N 336 M2 W5: EBP & Research

Dr. Whitney Bischoff, Associate Professor of Nursing, TLU

Module Objectives

    1. Explain evidence based practice in the context of healthcare.
    2. Explain the impact of quality & safety initiatives on delivery of healthcare.

    Learning Activities

    Read: Sultz and Young Chapter 12 Pozgar: pgs 99-106; 255-298
    • Landmark Nursing Research Studies (link below)

    Watch videos: Chasing Zero Medical Error Reporting System (below)

    Answer Discussion Questions under Module Discussions (RN-BSN Cohort)

    Take Quiz 12 in Assignments (optional)
    Chasing Zero: Winning the War on Healthcare Harm
    Event Reporting and Patient Safety:

    Transcript for MERS video

    Published on May 17, 2016

    TO USE OR PRINT this presentation click : http://videosliders.com/r/1165

    Event Reporting and Patient Safety: You Can’t fix it If You Don’t Know About it! Harold S. Kaplan MD Columbia University hsk18@columbia.edu Supported by an NHLBI RO1 Grant for Event Reporting System in Transfusion Medicine
    ,“To Err is Human “Institute of Medicine Report1999 Identify and learn from errors through reporting systems — both mandatory and voluntary.

    ,Congressional Action Senate Bill 2038 - Medical Error Reduction Act of 2000
    Senate Bill 2378 - Stop All Frequent Errors (SAFE) Patient Safety Improvement Act -(Kennedy) Voluntary, non-punitive environment to share safety information without fear of reprisal ,Interest in Other Countries Great Britain- An Organization with a Memory
    Report of the chief medical officer on learning from adverse events in the National Health Service
    Australia - The Quality in Australian Heath Care Study ,Ubiquitous Calls for Reporting Systems Kennedy bill
    IOM report JCAHO 15 States and counting Illinois

    ,Types of Events MERS-TM is designed to capture all types of events.

    ,Heinreich’s Ratio1 It has been proposed that reporting systems could be evaluated on the proportion of minor to more serious incidents reported 2 1 Major injury
    29 Minor injuries 300 No-injury accidents 1 29 300 1. Heinreich HW Industrial Accident Prevention, NY And London 1941 2. An Organization With a Memory, A report of an expert group on learning from adverse events in the NHS chaired by the Chief Medical Officer, The Stationary Office, London 2000

    ,Misadventures The event actually happened and some level of harm — possibly death — occurred.

    ,No Harm Events The event actually occurred but no harm was done.

    ,Near Miss Events The potential for harm may have been present, but unwanted consequences were prevented because some recovery action was taken.

    ,Misadventure Return to Normal Technical Failure Near Miss Yes Adequate Defenses? Human Error Dangerous Situation Yes No Adequate Recovery? Developing Incident Organizational Failure No Van der Schaaf’s Incident Causation Model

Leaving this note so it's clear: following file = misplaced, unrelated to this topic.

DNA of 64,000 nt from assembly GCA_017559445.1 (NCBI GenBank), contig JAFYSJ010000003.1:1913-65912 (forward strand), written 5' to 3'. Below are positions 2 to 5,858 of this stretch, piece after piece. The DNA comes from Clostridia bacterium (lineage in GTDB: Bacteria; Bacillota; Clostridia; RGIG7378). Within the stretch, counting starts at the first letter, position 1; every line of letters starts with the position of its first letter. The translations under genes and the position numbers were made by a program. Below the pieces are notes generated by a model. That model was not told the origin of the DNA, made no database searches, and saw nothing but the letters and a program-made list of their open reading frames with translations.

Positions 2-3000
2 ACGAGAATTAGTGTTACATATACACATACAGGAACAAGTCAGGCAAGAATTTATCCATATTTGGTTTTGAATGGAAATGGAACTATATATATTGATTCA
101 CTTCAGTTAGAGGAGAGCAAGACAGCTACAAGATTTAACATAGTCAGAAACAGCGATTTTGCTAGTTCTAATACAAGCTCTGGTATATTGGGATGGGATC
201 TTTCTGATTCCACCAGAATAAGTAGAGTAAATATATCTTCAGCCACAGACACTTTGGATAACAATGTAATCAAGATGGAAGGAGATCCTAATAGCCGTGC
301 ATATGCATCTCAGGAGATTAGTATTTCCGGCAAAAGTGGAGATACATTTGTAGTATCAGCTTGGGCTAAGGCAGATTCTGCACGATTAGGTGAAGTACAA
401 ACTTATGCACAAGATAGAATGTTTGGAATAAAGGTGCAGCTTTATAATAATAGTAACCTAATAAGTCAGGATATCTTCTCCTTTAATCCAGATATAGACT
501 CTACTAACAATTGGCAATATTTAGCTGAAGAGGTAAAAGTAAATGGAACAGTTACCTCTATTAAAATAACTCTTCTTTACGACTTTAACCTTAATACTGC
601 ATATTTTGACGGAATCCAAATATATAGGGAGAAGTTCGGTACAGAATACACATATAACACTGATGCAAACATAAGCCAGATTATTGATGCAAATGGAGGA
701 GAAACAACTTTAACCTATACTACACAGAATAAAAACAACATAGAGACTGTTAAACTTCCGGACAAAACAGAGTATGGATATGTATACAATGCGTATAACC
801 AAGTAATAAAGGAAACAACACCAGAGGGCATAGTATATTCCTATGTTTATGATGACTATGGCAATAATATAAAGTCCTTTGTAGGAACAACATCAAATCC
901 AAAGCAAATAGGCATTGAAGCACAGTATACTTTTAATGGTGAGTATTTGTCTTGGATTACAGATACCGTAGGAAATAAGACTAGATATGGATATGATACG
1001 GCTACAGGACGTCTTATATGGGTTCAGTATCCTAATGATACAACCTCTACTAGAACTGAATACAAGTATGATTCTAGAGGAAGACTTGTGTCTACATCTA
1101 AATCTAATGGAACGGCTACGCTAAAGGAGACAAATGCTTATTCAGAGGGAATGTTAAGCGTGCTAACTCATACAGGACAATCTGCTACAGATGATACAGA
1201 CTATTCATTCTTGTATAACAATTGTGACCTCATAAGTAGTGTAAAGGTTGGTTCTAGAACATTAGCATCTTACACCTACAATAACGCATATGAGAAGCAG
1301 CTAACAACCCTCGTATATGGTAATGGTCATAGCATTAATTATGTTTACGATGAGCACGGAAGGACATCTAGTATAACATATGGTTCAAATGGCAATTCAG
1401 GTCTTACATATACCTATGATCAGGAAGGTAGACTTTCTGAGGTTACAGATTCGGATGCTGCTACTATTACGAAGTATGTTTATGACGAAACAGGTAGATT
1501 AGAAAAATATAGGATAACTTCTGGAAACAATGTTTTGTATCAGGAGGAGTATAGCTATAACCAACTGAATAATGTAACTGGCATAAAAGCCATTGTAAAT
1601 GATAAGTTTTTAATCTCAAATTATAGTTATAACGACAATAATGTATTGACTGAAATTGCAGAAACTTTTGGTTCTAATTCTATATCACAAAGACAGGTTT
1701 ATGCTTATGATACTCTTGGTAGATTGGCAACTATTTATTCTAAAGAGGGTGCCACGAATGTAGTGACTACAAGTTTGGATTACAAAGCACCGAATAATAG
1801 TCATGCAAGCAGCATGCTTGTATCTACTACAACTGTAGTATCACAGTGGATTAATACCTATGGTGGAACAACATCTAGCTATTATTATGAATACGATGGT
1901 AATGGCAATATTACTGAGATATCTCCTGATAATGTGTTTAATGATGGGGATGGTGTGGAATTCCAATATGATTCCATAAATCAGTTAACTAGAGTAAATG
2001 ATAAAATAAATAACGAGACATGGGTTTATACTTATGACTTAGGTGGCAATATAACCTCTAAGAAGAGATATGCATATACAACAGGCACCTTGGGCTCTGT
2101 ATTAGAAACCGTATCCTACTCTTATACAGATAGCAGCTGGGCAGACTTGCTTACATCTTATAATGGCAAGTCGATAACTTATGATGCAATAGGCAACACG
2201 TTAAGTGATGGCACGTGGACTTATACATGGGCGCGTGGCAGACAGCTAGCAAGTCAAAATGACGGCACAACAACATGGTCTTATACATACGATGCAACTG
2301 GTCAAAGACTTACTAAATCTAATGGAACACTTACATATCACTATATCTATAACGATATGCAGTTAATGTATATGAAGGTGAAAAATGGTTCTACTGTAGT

,Recovery — planned or unplanned Study of recovery actions is valuable. Planned recovery built into our processes
    Unplanned recovery lucky catches

    ,Six-Year Old Killed by Flying O2 Cylinder in MRI Suite A Unique “one-off” event?
    VA experience FDA and other reports Near misses unlikely to be reported

    ,Near Misses Or No Harm Events With MRI When workers dismantled an MRI machine recently at the University of Texas, they discovered dozens of pens, paper clips, keys and other metal objects clustered inside. ...

    ,Purpose of an Event Reporting System Useful data base to study system’s failure points
    Many more near misses than actual bad events Source of data to study human recovery Dynamic means of understanding system operations

    ,Types of Errors Active— are errors committed by those in direct contact with the human-system interface (human error)
    Latent—are the delayed consequences of technical and organizational actions and decisions ,Types of Errors  Active Errors
    Skill based
    Rule based Knowledge based Latent Errors (conditions or failures) Technical
    Organizational Other (patient/donor related and “other”) ,Skill-based Error Failure in the performance of a routine task that normally requires little conscious effort Example — locking your keys in the car because you’re distracted by someone calling your name

    ,Rule-based Error Failure to carry out a procedure or protocol correctly or choosing the wrong rule Example — not waiting your turn at a 4-way stop sign

    ,Knowledge-based Error Failure to know what to do in a new situation (problem solving at conscious level) Example —not knowing what to do when the traffic light is out

    ,Types of Errors Active Errors
    Skill based
    Rule based Knowledge based Latent Errors (conditions or failures) Technical
    Organizational Other (patient/donor related and “other”)

    When you have finished the assigned learning activities, go on to the next lesson.